Diploma 2 José Navarrete Deza, The Architectural Simulator, 2016-17

The Skins We Inhabit

Kostas Grigoriadis

Humans... build to shelter and protect but... they also build to define the ontological conditions and limits of selfhood. In many ways, then, the boundaries of the forms we build become the limits of our consciousness. And if we also accept that a being's mental states can never extend beyond those boundaries, then setting the right kind of limits is essential for who we are. -Lambros Malafouris

In the early twentieth century architecture's longstanding allegiance to mass was increasingly surpassed by its tendency towards more volumetric principles, with interiority and structure gradually disengaging from the envelope of a building. Partially instigated by the ground-breaking curtain wall, which simultaneously defined both the limits of a building and modernism's selfhood, design discourse shifted towards principles of top-down regularity, and composition. And so, what was initially a means of ideological expression in early modernism became standard practice in the years to come.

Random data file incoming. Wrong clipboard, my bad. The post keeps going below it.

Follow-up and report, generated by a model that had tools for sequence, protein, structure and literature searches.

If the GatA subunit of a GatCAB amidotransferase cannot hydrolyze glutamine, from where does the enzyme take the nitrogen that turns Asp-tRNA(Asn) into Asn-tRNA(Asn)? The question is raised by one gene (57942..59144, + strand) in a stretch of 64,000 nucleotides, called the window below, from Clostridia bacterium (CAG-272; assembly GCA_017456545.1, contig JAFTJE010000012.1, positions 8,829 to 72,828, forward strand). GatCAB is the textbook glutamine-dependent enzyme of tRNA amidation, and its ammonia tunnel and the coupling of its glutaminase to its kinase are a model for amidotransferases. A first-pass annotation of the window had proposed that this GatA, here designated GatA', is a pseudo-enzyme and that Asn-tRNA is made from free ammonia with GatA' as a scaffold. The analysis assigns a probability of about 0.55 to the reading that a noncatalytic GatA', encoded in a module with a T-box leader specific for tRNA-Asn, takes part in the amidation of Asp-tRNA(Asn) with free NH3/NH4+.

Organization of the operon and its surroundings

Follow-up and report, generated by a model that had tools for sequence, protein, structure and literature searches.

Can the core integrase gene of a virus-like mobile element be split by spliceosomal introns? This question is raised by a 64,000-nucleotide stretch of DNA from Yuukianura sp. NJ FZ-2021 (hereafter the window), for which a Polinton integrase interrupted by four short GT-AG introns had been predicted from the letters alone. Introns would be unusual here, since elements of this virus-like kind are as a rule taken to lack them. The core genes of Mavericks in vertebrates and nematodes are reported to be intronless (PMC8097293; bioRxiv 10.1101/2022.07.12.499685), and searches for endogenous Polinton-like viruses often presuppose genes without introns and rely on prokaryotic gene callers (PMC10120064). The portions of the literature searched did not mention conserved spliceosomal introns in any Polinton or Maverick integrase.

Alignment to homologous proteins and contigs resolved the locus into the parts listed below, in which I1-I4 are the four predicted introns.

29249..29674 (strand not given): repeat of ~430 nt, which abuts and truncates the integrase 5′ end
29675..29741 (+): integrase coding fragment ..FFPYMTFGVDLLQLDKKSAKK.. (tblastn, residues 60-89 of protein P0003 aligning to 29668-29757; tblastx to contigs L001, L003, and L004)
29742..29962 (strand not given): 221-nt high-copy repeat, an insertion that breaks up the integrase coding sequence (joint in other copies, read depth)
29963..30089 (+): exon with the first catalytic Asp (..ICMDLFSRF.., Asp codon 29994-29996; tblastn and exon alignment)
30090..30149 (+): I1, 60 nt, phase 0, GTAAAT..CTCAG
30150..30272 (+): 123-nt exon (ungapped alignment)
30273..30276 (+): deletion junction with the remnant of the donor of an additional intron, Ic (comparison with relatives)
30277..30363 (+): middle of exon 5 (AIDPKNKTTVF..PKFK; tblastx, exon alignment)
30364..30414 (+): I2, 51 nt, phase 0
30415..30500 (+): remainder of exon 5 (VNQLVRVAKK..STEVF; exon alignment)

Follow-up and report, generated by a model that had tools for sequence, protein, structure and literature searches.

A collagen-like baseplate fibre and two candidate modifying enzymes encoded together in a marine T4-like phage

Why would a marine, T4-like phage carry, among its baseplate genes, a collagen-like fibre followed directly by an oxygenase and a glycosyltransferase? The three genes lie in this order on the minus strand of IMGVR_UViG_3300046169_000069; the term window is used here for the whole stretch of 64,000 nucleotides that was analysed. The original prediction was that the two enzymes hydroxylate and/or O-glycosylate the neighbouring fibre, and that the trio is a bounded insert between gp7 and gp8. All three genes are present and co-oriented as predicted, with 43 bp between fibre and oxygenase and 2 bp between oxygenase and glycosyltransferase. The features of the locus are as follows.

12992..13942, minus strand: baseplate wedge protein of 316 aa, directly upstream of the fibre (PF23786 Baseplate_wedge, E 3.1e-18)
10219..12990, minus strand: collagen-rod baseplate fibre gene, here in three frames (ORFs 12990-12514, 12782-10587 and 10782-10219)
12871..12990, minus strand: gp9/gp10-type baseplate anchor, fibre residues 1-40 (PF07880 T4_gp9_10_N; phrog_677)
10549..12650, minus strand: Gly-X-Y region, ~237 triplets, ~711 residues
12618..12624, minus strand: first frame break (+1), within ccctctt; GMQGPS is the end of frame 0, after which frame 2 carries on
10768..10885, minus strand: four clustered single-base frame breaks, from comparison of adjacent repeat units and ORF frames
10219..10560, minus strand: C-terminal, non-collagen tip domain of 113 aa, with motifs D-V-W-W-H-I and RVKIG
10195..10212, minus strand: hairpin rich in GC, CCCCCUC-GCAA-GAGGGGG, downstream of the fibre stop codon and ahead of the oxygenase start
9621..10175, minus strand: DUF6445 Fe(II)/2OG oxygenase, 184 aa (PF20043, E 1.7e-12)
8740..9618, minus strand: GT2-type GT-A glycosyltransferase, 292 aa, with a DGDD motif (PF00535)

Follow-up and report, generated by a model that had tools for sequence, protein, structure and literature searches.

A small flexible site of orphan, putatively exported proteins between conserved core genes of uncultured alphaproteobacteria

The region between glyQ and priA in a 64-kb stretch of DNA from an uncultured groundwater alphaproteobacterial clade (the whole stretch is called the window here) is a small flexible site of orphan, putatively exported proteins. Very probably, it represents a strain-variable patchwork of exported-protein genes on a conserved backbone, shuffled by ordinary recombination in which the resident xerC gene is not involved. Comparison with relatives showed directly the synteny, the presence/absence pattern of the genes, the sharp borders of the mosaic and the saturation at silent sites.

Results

But in a contemporary context, what was abandoned - the idea of the envelope - has now become both the object and the subject of design: this two-dimensional plane is the last frontier of expression, allowing the unhindered realisation of architectural fantasies that are free from functional or market-driven constraints. A stylistic jungle has emerged, made up of 2D forms, shapes and sizes, in which the facade-centric self-definition of a building - how it is perceived by the city and the newness it is supposed to convey - veers between the subject of recent tragic incidences or comical aesthetic results.

Responding to this condition, the unit will question the modernist - hylomorphic - envelope-first design of buildings, shifting from an object-oriented understanding of architecture to a more procedural one, operating in the grey area where interiority and context conflate. Envelope and space will be reconsidered from a non-anthropocentric perspective, not as exercises in aesthetic embellishment, but as the new continuum between materiality, cognition and inhabitation. In this attempt to unleash architectural creativity from its two-dimensional entrapment our main questions are: how can we rethink the weak correlation between inhabitation and its defining limits? How can this rethinking be informed by contemporary material realities and a "hylonoetic" process of design?

Unit Staff

Kostas Grigoriadis holds a PhD in Architecture by Project from the Royal College of Art and a Masters in Architecture and Urbanism from the AA DRL. His work focuses on new material design methodologies and draws from cognitive and materialist theory.


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